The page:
Norristown's Historical Architectural Review Board (HARB) are the volunteers tasked with approving changes to the facades (the outsides) of all buildings within our Historic Districts. If you own a house in one of these districts and you want to, say, put on a new roof or replace windows or even hang a sign on your wall, you bring your plans before HARB. They'll go over them in detail. If anything in your plans isn't appropriate to the historic look of the facade, or would in some way damage the outside of the building, you'll be asked to make changes to your plan. You (or your contractor) can't get a construction permit until the HARB sends their approval to Council.
Lately everyone's up in arms about this. Homeowners don't want to go before the HARB because they've been told by their neighbors or people at their church, or even folks at Boro Hall, how awful the process is and that HARB will make you do stuff you can't afford, etc. These are nothing but rumors. I'm going to tell you why going before the HARB is a good idea, for property owners, the neighborhoods, and for our town.
I observed HARB for the first time a couple of years ago, not long after I started the Norristown Diary. I was at Municipal Hall for another meeting and when that let out, there was such a horrendous thunderstorm raging outside, I decided to sit in on the HARB meeting in Council Chambers until the rain and lightening slowed down. After twenty minutes, I decided that they knew what they were doing and could be trusted not to do anything that would harm Norristown. One reason I hardly every mention them on the Diary.
Last week, after hearing a lot of the rumors at the Council meeting on April 16, I decided to attend a HARB meeting again to see if anything changed. I went to the meeting on April 25.
|Well-maintained historic house at 907 Dekalb|
At both meetings, I heard HARB members give suggestions that would actually save the property owner money on materials. Now, I can't promise they'll be able to do this for everyone, but the members of our HARB aren't as strict as members of similar boards in other towns in our area that have historic districts (try fixing up a historic house in Philly if you don't believe me). Our HARB members do their best to work within the budgets of our homeowners. But they also do their best to protect our Historic Districts buildings for us. Not only is that important for Norristown's economy, it saves EVERY Historic District property owner money in the long run. Here's how:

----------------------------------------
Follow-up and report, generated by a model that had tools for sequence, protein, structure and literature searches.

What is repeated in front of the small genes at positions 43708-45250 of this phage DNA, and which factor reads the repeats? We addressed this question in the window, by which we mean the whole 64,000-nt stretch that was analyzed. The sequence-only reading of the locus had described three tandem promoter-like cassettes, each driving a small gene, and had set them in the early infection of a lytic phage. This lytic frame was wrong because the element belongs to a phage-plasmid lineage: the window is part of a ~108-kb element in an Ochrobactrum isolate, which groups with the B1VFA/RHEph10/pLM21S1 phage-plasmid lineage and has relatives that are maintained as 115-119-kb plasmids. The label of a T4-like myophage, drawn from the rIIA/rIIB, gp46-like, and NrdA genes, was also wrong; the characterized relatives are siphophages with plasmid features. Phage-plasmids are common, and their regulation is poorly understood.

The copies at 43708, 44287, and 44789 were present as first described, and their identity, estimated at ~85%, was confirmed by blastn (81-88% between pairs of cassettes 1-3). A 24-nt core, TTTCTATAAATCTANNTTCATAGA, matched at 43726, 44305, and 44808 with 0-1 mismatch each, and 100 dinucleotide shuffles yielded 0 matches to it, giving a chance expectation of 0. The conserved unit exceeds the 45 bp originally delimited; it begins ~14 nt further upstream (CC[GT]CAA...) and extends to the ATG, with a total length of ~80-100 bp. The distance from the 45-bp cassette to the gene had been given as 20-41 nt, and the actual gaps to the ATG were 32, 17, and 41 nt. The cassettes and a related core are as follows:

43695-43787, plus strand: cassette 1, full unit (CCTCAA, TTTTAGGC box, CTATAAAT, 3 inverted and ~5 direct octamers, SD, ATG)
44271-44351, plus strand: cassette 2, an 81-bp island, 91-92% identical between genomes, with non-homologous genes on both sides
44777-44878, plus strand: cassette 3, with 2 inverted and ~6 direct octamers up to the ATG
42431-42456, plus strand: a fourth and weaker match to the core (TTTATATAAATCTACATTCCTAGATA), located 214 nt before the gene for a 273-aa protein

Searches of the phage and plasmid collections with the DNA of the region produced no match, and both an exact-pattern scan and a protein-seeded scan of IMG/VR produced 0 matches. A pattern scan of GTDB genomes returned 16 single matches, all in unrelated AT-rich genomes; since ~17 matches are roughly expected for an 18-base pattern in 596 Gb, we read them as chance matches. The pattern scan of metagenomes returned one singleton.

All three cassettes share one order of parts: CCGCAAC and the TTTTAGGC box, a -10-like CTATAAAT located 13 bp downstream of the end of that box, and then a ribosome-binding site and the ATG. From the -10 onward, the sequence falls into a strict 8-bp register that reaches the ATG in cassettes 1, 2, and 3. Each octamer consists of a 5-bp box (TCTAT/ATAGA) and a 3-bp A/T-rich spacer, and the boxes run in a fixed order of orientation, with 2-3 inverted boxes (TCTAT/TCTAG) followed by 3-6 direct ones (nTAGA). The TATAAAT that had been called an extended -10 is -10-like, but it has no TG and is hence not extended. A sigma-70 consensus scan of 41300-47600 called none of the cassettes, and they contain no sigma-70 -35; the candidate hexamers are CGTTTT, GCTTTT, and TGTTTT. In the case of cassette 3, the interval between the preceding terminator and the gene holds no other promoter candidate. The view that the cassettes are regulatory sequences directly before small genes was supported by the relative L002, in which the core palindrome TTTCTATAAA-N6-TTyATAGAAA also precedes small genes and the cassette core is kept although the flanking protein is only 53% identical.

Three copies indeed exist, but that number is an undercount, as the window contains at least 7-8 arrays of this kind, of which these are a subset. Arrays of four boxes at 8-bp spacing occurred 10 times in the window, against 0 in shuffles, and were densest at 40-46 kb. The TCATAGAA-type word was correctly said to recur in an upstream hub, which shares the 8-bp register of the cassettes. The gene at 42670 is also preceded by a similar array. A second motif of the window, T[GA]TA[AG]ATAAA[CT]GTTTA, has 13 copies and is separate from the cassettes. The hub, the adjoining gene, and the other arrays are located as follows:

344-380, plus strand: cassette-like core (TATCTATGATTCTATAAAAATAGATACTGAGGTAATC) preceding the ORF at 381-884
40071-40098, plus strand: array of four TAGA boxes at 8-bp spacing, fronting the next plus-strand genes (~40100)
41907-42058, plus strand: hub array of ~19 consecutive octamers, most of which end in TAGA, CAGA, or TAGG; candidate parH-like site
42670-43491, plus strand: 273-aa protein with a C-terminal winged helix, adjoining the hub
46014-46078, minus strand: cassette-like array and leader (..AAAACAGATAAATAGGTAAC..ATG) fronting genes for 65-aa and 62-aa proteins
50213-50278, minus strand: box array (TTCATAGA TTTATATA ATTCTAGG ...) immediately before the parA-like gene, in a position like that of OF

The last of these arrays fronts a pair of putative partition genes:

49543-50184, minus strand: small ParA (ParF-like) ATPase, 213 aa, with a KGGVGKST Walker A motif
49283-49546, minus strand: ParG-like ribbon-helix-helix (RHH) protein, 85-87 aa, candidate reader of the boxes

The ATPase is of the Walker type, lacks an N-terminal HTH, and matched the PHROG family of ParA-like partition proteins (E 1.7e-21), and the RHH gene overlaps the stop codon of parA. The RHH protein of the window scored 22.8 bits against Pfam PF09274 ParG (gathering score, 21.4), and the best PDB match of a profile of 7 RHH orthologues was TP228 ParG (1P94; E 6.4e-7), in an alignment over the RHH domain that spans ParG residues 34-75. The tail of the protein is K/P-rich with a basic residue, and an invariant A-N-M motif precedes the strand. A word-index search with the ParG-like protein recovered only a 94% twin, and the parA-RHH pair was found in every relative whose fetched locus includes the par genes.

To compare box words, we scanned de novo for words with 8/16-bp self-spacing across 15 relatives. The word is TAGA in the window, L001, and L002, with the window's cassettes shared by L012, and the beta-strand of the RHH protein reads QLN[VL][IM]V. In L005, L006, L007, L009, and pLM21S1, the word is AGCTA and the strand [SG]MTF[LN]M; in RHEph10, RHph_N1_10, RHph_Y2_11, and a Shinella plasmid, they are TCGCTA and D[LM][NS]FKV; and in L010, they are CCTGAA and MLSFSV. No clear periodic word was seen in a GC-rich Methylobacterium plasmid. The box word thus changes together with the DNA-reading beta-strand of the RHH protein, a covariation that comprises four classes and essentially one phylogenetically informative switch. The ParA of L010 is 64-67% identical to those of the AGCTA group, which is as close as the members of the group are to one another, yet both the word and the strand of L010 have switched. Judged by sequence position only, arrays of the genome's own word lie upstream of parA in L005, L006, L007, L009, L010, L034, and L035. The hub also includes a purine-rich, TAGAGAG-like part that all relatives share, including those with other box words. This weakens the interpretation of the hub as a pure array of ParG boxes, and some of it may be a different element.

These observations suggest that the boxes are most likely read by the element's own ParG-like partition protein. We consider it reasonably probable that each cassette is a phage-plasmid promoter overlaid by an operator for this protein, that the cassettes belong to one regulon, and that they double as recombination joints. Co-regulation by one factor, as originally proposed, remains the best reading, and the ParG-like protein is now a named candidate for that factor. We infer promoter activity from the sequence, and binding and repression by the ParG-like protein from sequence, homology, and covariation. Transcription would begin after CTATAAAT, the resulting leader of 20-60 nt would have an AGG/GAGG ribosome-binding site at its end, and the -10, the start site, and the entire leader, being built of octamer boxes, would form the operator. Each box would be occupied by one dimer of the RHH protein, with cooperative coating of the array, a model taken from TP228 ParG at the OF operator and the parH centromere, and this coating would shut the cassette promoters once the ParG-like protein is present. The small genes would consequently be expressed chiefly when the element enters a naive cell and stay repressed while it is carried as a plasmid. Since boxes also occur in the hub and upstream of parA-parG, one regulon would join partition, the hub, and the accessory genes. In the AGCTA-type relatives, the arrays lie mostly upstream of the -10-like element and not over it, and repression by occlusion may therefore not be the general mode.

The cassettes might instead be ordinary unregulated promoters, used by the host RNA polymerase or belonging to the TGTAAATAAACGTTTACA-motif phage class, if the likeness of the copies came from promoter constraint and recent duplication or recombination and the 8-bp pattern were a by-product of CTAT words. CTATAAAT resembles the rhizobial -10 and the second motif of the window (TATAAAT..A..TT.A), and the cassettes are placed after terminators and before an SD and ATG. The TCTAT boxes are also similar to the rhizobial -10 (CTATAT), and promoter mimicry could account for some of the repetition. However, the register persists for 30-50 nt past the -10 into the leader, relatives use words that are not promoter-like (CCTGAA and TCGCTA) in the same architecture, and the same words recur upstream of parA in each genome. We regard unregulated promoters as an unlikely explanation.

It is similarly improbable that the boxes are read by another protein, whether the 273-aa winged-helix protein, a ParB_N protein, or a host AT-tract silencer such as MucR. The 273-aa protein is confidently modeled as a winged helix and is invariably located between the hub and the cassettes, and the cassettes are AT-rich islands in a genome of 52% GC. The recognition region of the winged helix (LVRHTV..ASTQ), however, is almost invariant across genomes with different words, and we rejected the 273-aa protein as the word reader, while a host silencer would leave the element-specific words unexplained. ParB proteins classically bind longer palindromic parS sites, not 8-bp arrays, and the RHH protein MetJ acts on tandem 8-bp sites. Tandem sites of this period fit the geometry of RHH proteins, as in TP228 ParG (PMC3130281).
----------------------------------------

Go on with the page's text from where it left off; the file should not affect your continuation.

|The left side of this historic twin is going to be restored.|
When HARB asks a property owner to make changes to their plans, the end result will be that the building in question will more likely retain or appreciate in value better than if the property owner made their own decisions. When homeowners try to do work on their own to their historical facades, without a permit, it's not only illegal, it usually lowers the value of the house and sometimes the neighboring houses. Encouraging each other to sneak around HARB rules and take the cheapest and illegal way out only succeeds in turning Norristown into a place that will never attract new homeowners or businesses.
This is why we need to support HARB and promote pride in our historical architecture.
HARB meets the 4th Wednesday of each month at 7 pm at Municipal Hall if you'd like to observe what they do. The meetings tend to run long because they take their time and do it right. Just tell them you want to observe and they'll invite you to pull up a chair.
If you're thinking of making changes to the outside of a historic house in Norristown, the HARB procedure is explained at this link. But if you'd like to ask HARB questions BEFORE making plans, come to a meeting. You'll have to wait until their scheduled cases have been taken care of, but they'll be happy to talk to you.
The board has vacancies at the moment, if you think you'd like to volunteer. They'd really like to have a realtor on the board, if you know anyone who'd be interested. But also, it would be nice to have someone who lives in one of the Districts and has done restoration work to their own facades, and understands the homeowners' point of view. Recommended that you sit in on a meeting before volunteering, but anyone interested should send a letter of interest and resume to Council President Sonya Sanders at email@example.com.